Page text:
HD Drinkability - New Wines From Segal

Ido Lewinsohn has been heading the Barkan/Segal winemaking team for about two years, and now a batch of interesting wines made during his's tenure is seeing the light of day. 

Look, the big change that Wine Spectator, Wine Advocate and all those British wine television shows brought to the world of wine is they made wine a household beverage. And after that, it was only a matter of time before it became susceptible to trends. The latest is drinkability. Which is a good trend. Wines that lure you with moreish vivacity while not necessarily forfeiting depth and complexity.

The interesting thing about the three series Segal has released is that each approaches the concept of drinkability with different techniques. Because I'm lazy - and you probably are, too - there's a short overview of the techniques at the bottom. All are lithe, vital, fun wines, a fun that comes from aesthetic intent, not merely a sensual one. When I got pulled in this wonderful world, seventeen years ago, no one made wines like this in Israel. You can argue comparative quality, but, at least among their red peers, I struggle to think of many wines that match the freshness here.

And they're all decently priced for the quality.

The first two are reds made in the whole cluster fermentation technique. Each comes from a different vineyard in the Jerusalem Hills.

Whole Cluster, Pinot Noir, 2017

No, Burgundy does not equal Pinot (or Chardonnay), but its spirit is a notion that sensitive winemaking, taking advantage of grapes with the transparency and delicacy to reflect the place of origin, can capture that elusive idea, terroir. Which is something that the Segal team has done quite well here. It has the same autumnal, vegetative decay thing Pinot does so well in Burgundy going on around the fringes, yet that is just salad dressing to a combination of black cherries and shades of cranberries and chocolate that with any luck will prove to be a local Pinot signature. The quality and style are an almost shocking surprise. I never expected such lithe freshness in an Israeli Pinot Noir. It's not very complex, I admit, but I'm a fan of deceptively simple Pinots that go for purity, vibrancy and sheer pleasure.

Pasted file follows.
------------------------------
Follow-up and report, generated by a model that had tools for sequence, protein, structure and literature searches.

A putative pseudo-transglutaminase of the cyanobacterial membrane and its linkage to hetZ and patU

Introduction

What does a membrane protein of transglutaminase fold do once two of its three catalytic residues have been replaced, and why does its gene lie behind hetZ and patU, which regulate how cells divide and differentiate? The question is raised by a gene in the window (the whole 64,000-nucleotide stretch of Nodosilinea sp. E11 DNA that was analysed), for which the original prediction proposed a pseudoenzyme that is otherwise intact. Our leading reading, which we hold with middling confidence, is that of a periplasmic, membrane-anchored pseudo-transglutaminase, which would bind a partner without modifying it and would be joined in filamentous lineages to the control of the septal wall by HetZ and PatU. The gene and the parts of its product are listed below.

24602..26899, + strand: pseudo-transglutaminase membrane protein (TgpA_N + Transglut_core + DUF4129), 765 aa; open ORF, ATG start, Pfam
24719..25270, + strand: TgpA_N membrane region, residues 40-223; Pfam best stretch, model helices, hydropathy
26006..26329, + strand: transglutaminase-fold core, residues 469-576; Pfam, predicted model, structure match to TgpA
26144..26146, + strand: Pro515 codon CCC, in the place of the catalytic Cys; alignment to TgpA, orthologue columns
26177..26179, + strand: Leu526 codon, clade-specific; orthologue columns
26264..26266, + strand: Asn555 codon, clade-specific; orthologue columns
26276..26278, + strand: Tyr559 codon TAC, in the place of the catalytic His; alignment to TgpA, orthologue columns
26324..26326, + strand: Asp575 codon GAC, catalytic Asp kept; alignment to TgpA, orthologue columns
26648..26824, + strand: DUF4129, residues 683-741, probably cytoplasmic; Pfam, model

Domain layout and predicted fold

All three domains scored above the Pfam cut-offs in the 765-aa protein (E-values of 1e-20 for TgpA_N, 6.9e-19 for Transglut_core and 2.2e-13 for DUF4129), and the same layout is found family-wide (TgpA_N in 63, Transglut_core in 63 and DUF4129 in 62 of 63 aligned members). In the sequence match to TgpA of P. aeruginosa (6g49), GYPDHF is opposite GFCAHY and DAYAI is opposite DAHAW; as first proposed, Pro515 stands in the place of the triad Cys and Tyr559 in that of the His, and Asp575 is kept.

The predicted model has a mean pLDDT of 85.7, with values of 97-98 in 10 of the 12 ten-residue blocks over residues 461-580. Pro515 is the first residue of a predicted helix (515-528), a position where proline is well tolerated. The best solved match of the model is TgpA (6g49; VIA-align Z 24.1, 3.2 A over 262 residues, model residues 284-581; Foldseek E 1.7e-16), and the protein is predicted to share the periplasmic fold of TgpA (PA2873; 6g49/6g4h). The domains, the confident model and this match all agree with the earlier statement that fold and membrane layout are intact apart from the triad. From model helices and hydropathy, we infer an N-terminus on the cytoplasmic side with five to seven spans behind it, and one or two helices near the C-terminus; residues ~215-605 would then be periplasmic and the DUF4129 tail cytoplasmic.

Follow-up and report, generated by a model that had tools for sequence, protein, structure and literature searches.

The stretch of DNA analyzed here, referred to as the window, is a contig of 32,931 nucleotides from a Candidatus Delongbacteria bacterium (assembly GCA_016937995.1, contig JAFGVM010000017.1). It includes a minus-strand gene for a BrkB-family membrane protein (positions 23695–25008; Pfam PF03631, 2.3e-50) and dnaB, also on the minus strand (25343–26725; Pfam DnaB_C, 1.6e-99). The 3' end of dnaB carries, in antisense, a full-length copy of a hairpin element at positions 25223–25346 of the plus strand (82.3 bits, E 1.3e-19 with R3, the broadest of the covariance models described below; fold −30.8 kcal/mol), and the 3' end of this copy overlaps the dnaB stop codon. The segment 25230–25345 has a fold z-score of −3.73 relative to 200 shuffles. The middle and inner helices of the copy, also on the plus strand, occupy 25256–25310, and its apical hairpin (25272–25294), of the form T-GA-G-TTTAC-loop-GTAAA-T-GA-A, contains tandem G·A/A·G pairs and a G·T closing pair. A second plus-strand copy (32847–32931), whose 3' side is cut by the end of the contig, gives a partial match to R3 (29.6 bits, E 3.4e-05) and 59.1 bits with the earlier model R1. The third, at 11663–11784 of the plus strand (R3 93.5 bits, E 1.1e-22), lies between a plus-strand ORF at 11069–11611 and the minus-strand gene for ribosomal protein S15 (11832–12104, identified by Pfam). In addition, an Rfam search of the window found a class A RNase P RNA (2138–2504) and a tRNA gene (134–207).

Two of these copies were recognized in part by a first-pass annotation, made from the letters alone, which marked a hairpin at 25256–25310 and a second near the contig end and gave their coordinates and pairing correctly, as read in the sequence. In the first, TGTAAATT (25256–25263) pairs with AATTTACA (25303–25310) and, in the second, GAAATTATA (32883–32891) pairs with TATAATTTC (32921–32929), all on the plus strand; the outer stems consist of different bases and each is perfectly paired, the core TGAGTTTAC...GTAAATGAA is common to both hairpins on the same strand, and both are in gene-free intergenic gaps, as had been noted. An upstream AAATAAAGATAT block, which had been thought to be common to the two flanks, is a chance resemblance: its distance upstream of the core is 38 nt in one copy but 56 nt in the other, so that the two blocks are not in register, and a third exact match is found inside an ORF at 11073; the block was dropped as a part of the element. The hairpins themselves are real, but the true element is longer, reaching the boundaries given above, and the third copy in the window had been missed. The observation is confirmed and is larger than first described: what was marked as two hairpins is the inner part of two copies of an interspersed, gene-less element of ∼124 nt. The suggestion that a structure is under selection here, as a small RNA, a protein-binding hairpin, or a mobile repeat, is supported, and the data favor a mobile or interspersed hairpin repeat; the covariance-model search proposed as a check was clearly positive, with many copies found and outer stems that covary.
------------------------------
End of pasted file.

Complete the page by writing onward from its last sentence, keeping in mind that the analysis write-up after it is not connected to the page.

Whole Cluster, Syrah, 2017

Another way to approach the concept of terroir is to say that the good vineyards foster the best expression of a grape variety (and I'll skip over the paradox that there is more than one way to best express a great grape variety). I don't claim that the hills of Jerusalem have vineyards the likes of those found in Cote-Rotie, Hermitage or Cornas (or the Alexander River, for that matter), but this is a good example of Crozes-Hermitage level Syrah: floral, balanced, comfortable level of fruit and tannins, some black pepper. Shorter and fatter than the Pinot, and a step or two behind it.

The prices are just fine. The Whole Cluster is priced at about 100 NIS, I believe.

Next are two wines fermented with the wild yeasts that are always present on the grapes themselves. They're priced at about 60 NIS.

Wild Fermentation, Chardonnay, 2018

I admit I can absolutely not discern the contribution of the wild yeasts here. Whatever, this is a nice young Chardonnay, showing the floral and citrus side of the grape. Not a phase of Chardonnay I'm too crazy about, which is why I rarely drink Chardonnay this young. But Ido - and teams working under his direction - has a good track record working with Chardonnay, and this shares the same purity and clarity of his more prestigious Garage de Papa Blanc. Judging by the development after a couple of hours (more aromas of flint, a broadening of the attack, more punch on the spicy finish), I would expect it to bloom after a couple of years in the fridge.

Wild Fermentation, Cabernet Sauvignon, 2017

It sometimes seems like everyone in Israel, including Ido in his Recanati days and in his own boutique winery, favors the Rhone and Southern French varieties over the Bordeaux grapes. How ironic is it, then, that he coaxed so much drinkability and liveliness out of a grape I hardly ever enjoy much in its youth. The Cabernet traits are well presented, currants with a touch of pungent leafiness. Solid length and a lot of interest for the money.

Finally, the Free Run series, explanation at the bottom. These are also priced at about 60 NIS.

Free Run, Chardonnay, 2018

Describing this wine won't carry across the impression of how it's akin to, yet at the same different from, the Wild Fermentation sibling. It's floral and citrusy, too, yet there's a green herbal tint that would make me guess Sauvignon Blanc and it leans toward rainwater rather than flint. For me, it works better young than the Wild Fermentation, but both are wines I'd drink for the immediate pleasure they offer.

Free Run, Merlot, 2017

More immediate than the Wild Fermentation Cabernet, shorter too, with tart, earthy fruits. This isn't Merlot The Fruitcake. And it isn't Merlot masquerading as Cabernet Sauvignon, either. Cabernet Franc, maybe.

1. Whole cluster fermentation refers to the fermentation of intact clusters of grapes as they are picked from the vine with no intervention of machines leaving all berries and stems (the part of the stem which holds the grapes is called the rachis) intact.
2. Fermentation, by either wild or industrial yeasts, has become synonymous with the battle between all that is natural, and the convenience and consistency of man-made machination. ... Wine is a product of fermentation, the process by which yeasts turn sugar into alcohol in order to yield energy.
3. "Free Run” is the terminology used to describe the juice that flows freely from freshly picked grapes before they are pressed. When the bunches of grapes are stacked up on top of each other, the sheer weight of all the the fruit results in the release of some liquid.